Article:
Of course, there have been many changes to the workplace since then, not least that senior management is no longer a wholly male affair, even though a glass ceiling still exists. Also, no one could dream of the digital communications we now take for granted. However, many of his findings still ring true. He reported that managers work long hours at an unrelenting pace, prefer to be active, engage in brief activities, are often in meetings and in groups; finally, they prefer personal and soft data.

In 1975, he wrote a seminal piece in the Harvard Business Review, extending the messages of his book. This article includes the following: ‘If there is a single theme that runs through this article, it is that the pressures of the job drive the manager to take on too much work, encourage interruption, respond quickly to every stimulus, seek the tangible and avoid the abstract, make decisions in small increments, and do everything abruptly.’ Does this till ring true 40 years on? In 1990, Harvard Business Review published a later piece about folklore and fact in management work. One such item of folklore is that ‘The manager is a reflective, systematic planner’. Says Mintzberg, ‘The evidence on this issue is overwhelming, but not a shred of it supports this statement.’ This of course, helps him understand why high quality analytical work was not implemented when he worked in the railways. They are intelligent people, well able to understand complex arguments, but they don’t have time to do so. In some cases they have no inclination to do so.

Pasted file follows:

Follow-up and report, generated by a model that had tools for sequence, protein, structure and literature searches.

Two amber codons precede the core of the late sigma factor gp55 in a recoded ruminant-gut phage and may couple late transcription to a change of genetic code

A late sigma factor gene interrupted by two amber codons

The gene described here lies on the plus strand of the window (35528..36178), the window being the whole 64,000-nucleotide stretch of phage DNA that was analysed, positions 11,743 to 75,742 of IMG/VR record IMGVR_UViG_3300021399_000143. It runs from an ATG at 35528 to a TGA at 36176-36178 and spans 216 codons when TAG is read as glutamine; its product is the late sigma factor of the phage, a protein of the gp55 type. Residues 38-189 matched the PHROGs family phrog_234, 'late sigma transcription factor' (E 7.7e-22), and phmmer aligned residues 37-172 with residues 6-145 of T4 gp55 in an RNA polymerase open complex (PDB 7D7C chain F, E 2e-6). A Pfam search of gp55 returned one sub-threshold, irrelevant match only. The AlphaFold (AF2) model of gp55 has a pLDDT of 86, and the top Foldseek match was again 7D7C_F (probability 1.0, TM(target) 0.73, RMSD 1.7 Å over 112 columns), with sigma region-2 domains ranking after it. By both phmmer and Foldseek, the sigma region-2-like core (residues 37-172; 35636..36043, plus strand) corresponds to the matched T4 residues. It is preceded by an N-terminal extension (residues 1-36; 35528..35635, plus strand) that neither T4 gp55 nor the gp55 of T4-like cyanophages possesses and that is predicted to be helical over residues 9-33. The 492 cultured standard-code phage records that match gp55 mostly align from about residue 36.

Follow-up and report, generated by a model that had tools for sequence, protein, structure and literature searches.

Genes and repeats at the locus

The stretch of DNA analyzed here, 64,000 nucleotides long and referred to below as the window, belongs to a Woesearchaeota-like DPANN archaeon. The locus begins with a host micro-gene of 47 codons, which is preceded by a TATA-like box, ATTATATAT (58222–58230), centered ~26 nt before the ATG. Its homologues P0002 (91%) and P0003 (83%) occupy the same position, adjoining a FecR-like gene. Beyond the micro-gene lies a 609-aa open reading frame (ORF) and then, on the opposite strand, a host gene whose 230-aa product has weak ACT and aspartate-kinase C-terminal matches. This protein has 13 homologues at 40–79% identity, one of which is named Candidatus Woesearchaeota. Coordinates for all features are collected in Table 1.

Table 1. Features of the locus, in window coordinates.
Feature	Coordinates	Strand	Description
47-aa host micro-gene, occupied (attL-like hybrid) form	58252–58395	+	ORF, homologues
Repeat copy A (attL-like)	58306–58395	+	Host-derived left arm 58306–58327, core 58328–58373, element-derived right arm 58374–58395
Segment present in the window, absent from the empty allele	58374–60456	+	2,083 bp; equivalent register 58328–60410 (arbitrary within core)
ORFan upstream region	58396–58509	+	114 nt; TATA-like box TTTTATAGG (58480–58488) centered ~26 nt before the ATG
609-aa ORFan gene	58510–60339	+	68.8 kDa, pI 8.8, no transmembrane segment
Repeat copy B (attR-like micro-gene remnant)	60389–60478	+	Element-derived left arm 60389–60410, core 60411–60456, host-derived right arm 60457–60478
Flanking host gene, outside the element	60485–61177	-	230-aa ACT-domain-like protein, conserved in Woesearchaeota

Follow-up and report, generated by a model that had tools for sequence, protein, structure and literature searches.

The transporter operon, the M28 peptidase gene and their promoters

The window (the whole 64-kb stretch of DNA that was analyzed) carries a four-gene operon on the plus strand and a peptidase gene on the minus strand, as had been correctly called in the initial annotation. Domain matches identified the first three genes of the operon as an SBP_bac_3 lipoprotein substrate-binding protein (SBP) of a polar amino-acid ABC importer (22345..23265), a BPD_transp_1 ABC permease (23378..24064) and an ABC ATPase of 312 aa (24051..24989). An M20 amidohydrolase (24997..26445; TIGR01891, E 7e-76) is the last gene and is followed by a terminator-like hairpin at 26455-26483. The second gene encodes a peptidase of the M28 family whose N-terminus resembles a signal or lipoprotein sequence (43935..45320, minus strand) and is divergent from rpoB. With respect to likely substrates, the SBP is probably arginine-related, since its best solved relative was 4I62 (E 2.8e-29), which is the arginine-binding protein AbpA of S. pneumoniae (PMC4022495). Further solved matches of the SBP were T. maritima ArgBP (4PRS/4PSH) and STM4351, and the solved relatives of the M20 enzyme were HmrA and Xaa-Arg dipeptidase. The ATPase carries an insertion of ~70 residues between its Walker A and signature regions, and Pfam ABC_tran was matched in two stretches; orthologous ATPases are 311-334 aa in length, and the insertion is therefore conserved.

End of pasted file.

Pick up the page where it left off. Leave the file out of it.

© Graeme Peacock / Alamy Stock Photo

led to a career in which he wrote much about planning and strategy. He wrote about his initial findings in a widely read book ‘The nature of managerial work’, published in 1973, but still worth a read today.

into it and rational arguments about economic and other statistics carried very little weight.


Many of us love getting our hands dirty using clever mathematics, sophisticated computing, or churning through huge data sets. However, though these are core parts of our toolset, I don’t believe they are enough to make real, sustainable impact. Making organisational change is almost always painful. Choose your messy cliché: you have to break eggs to scramble them; there will be blood when sacred cows are slain. Why should people bother, especially if they may be changing jobs before too long?

© Graeme Peacock / Alamy Stock Photo